Global evaluation of taxonomic relationships and admixture within the Culex pipiens complex of mosquitoes.
BACKGROUND: Within the Culex pipiens mosquito complex, there are six contemporarily recognized taxa: Cx. quinquefasciatus, Cx. pipiens f. pipiens, Cx. pipiens f. molestus, Cx. pipiens pallens, Cx. australicus and Cx. globocoxitus. Many phylogenetic aspects within this complex have eluded resolution, such as the relationship of the two Australian endemic taxa to the other four members, as well as the evolutionary origins and taxonomic status of Cx. pipiens pallens and Cx. pipiens f. molestus. Ultimately, insights into lineage relationships within the complex will facilitate a better understanding of differential disease transmission by these mosquitoes. To this end, we have combined publicly available data with our own sequencing efforts to examine these questions.
RESULTS: We found that the two Australian endemic complex members, Cx. australicus and Cx. globocoxitus, comprise a monophyletic group, are genetically distinct, and are most closely related to the cosmopolitan Cx. quinquefasciatus. Our results also show that Cx. pipiens pallens is genetically distinct, but may have arisen from past hybridization. Lastly, we observed complicated patterns of genetic differentiation within and between Cx. pipiens f. pipiens and Cx. pipiens f. molestus.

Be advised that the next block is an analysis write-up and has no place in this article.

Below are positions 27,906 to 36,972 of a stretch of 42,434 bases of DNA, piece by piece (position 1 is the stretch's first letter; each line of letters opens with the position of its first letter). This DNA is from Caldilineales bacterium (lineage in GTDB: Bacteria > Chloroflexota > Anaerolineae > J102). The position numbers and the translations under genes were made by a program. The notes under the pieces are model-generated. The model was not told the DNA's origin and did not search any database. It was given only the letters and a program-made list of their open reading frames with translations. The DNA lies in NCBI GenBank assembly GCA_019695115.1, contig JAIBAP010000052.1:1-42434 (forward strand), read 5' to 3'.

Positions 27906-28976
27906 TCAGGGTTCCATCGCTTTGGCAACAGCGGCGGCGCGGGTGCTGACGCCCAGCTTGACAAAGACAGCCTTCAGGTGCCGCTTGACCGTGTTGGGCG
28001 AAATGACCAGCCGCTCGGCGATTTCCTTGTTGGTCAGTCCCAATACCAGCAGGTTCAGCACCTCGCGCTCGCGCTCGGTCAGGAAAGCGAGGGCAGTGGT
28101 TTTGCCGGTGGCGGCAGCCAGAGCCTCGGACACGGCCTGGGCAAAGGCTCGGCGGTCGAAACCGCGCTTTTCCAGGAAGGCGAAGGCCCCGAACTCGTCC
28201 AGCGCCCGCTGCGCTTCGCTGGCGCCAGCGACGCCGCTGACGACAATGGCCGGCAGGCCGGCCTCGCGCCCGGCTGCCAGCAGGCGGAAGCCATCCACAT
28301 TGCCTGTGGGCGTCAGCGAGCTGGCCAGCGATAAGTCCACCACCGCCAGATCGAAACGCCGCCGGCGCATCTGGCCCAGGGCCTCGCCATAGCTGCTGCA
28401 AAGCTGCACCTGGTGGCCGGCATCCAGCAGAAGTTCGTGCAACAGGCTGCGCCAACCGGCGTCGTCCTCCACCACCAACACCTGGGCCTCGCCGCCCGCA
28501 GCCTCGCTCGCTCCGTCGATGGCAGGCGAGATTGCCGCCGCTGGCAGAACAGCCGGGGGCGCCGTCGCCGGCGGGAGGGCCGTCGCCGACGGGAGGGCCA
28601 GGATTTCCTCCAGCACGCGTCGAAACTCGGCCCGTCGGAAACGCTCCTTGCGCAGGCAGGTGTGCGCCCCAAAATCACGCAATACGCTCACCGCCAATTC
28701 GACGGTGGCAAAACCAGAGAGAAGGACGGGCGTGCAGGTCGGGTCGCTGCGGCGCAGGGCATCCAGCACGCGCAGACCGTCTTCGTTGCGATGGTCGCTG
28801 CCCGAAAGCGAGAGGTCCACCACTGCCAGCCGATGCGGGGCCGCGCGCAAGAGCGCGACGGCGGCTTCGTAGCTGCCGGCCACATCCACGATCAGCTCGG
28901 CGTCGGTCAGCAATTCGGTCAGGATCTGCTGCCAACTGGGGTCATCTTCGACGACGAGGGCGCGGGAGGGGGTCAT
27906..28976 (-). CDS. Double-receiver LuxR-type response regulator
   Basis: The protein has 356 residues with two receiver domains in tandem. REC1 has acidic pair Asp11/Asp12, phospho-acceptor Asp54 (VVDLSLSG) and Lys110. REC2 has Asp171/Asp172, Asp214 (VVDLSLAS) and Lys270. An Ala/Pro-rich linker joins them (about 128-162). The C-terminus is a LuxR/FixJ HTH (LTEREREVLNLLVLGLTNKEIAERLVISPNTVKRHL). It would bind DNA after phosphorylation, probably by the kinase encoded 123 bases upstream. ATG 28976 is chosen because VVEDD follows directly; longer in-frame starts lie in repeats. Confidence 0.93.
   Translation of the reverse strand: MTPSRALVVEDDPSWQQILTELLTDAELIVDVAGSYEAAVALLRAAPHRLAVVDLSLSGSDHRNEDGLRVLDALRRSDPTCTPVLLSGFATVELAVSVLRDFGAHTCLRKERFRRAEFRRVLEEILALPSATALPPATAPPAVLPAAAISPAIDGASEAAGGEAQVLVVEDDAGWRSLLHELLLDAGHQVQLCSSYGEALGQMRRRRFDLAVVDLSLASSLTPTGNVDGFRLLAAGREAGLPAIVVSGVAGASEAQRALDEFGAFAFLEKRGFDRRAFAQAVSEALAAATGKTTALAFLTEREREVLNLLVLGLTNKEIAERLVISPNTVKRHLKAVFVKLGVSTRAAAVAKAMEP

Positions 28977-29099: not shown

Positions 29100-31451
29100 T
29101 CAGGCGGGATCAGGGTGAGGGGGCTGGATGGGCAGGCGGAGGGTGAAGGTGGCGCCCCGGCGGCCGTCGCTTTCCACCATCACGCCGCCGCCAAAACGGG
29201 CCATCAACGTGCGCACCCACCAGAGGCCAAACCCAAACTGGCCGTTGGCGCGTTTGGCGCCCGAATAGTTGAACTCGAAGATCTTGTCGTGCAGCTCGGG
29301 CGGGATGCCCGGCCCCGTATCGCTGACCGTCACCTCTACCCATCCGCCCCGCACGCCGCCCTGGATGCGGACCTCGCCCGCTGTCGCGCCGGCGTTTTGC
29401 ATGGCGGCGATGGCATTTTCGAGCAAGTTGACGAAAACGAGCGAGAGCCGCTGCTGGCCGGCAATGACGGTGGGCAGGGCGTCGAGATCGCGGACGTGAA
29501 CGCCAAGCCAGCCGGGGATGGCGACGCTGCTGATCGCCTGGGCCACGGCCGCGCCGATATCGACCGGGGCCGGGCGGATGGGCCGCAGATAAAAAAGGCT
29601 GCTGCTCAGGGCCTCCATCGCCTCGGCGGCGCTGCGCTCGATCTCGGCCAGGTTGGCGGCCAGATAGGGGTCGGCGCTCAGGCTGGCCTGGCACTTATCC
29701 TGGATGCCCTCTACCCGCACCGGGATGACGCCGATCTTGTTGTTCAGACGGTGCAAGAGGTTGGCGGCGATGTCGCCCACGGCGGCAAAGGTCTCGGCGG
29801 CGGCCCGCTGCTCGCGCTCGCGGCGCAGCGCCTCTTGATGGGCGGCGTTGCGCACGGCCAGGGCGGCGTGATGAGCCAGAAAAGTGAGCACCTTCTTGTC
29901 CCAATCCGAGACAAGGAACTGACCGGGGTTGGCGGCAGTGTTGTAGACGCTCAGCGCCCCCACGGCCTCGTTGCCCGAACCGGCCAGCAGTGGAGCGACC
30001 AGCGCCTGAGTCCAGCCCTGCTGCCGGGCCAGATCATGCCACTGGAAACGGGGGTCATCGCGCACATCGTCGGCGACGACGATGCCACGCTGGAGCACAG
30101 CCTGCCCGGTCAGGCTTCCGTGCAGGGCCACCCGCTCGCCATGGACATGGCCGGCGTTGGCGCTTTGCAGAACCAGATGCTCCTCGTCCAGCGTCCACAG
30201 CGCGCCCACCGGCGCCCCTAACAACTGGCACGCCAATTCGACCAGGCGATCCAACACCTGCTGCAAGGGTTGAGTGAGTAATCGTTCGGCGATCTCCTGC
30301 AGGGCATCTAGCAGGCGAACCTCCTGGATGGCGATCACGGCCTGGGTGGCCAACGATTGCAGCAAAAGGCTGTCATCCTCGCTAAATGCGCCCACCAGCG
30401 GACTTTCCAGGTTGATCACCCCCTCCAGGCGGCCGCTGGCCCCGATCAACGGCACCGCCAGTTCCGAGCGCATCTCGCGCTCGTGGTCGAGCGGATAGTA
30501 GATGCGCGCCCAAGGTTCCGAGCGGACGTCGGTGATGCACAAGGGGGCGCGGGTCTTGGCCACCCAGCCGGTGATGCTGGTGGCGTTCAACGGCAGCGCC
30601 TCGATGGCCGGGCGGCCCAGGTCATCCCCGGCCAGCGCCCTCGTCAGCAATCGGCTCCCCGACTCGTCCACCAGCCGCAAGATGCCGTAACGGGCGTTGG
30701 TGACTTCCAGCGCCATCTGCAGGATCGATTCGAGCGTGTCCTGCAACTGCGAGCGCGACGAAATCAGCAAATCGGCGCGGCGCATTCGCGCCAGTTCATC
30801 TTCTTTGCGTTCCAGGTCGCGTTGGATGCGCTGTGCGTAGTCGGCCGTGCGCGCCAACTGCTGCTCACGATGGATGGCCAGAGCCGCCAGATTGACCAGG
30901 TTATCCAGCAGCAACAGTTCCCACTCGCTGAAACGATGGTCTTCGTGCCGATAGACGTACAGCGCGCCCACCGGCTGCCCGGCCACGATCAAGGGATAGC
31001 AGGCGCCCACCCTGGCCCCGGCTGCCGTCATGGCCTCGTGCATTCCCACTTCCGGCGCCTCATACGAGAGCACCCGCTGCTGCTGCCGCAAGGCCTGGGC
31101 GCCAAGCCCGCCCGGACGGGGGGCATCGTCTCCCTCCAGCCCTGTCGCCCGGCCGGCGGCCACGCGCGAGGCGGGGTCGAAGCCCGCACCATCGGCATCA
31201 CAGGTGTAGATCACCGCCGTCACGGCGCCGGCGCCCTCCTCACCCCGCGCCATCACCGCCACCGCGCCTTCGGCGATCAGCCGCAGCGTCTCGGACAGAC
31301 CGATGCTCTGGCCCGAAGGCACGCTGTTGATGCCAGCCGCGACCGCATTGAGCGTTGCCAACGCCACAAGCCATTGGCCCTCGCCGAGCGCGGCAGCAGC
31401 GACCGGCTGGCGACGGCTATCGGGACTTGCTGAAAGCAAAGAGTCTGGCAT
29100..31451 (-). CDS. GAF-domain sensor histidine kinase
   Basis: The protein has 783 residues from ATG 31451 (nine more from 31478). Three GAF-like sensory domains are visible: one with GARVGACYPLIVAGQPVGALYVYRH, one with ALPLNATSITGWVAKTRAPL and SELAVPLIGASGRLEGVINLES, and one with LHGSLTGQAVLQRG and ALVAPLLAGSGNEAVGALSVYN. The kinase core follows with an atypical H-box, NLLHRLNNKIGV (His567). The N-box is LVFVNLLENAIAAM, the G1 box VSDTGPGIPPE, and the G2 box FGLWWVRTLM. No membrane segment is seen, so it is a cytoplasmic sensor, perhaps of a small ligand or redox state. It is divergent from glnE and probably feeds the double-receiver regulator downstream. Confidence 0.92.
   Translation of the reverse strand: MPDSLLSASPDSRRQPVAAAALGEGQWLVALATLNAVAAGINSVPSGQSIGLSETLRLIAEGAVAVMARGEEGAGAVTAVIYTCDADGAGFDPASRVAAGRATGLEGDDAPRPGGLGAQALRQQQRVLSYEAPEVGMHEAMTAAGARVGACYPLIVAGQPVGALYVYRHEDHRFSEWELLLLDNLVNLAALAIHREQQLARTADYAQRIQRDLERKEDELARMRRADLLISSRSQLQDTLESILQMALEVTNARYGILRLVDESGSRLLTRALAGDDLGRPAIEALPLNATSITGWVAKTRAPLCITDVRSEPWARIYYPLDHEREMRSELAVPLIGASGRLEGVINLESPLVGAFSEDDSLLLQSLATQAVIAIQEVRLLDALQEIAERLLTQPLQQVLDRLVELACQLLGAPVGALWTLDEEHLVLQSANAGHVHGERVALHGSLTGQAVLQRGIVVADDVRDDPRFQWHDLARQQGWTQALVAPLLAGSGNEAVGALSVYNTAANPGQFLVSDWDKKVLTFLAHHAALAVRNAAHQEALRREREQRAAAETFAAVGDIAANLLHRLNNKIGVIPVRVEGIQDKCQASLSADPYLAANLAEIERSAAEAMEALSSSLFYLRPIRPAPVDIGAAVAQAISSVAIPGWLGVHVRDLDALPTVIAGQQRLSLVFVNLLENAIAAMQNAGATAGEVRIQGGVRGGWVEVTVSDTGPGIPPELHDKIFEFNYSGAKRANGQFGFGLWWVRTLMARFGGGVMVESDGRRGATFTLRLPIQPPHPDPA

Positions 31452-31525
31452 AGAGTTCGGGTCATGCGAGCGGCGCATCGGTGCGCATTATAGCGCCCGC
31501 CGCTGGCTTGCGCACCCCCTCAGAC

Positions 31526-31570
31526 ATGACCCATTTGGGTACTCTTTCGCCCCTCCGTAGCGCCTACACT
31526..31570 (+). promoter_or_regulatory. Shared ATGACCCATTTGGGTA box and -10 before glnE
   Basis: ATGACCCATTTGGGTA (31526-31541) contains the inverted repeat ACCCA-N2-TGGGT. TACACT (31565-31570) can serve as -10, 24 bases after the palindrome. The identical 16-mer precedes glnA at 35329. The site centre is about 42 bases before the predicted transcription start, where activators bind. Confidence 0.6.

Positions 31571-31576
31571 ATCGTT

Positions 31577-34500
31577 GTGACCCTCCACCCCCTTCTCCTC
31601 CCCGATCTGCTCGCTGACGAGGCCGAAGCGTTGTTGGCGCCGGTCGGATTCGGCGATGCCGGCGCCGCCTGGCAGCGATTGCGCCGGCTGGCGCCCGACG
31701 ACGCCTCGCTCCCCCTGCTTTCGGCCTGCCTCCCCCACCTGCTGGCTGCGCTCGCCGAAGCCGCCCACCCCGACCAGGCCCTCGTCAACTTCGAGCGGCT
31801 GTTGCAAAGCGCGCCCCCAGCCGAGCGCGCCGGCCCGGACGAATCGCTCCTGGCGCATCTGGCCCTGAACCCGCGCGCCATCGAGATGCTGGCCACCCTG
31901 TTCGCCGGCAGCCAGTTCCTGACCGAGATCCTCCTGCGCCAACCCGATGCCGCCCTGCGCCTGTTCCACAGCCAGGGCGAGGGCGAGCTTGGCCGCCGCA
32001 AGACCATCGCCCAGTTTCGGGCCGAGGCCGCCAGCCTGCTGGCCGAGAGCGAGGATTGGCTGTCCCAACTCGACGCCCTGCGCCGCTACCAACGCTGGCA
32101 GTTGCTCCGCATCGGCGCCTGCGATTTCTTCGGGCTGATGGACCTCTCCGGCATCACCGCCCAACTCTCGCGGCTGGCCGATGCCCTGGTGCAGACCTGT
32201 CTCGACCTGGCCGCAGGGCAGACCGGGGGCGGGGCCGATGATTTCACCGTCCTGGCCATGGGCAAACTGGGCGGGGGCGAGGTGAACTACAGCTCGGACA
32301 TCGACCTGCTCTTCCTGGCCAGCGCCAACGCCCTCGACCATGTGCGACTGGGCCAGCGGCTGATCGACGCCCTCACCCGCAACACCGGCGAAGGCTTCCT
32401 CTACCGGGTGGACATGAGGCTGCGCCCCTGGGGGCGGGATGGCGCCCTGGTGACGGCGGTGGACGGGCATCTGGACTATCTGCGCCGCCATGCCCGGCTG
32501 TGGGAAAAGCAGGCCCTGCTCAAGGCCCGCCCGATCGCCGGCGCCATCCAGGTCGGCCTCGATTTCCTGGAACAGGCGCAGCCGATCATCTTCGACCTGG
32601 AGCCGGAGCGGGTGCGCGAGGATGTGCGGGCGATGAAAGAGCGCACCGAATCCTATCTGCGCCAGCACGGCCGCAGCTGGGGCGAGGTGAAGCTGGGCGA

CONCLUSIONS: Two Australian endemic Culex taxa, Cx. australicus and Cx. globocoxitus, belong within the Cx. pipiens complex, but have a relatively older evolutionary origin. They likely diverged from Cx. quinquefasciatus after its colonization of Australia. The taxon Cx. pipiens pallens is a distinct evolutionary entity that likely arose from past hybridization between Cx. quinquefasciatus and Cx. pipiens f. pipiens/Cx. pipiens f. molestus. Our results do not suggest it derives from ongoing hybridization. Finally, genetic differentiation within the Cx. pipiens f. pipiens and Cx. pipiens f. molestus samples suggests that they collectively form two separate geographic clades, one in North America and one in Europe and the Mediterranean. This may indicate that the Cx. pipiens f. molestus form has two distinct origins, arising from Cx. pipiens f. pipiens in each region. However, ongoing genetic exchange within and between these taxa have obscured their evolutionary histories, and could also explain the absence of monophyly among our samples. Overall, this work suggests many avenues that warrant further investigation.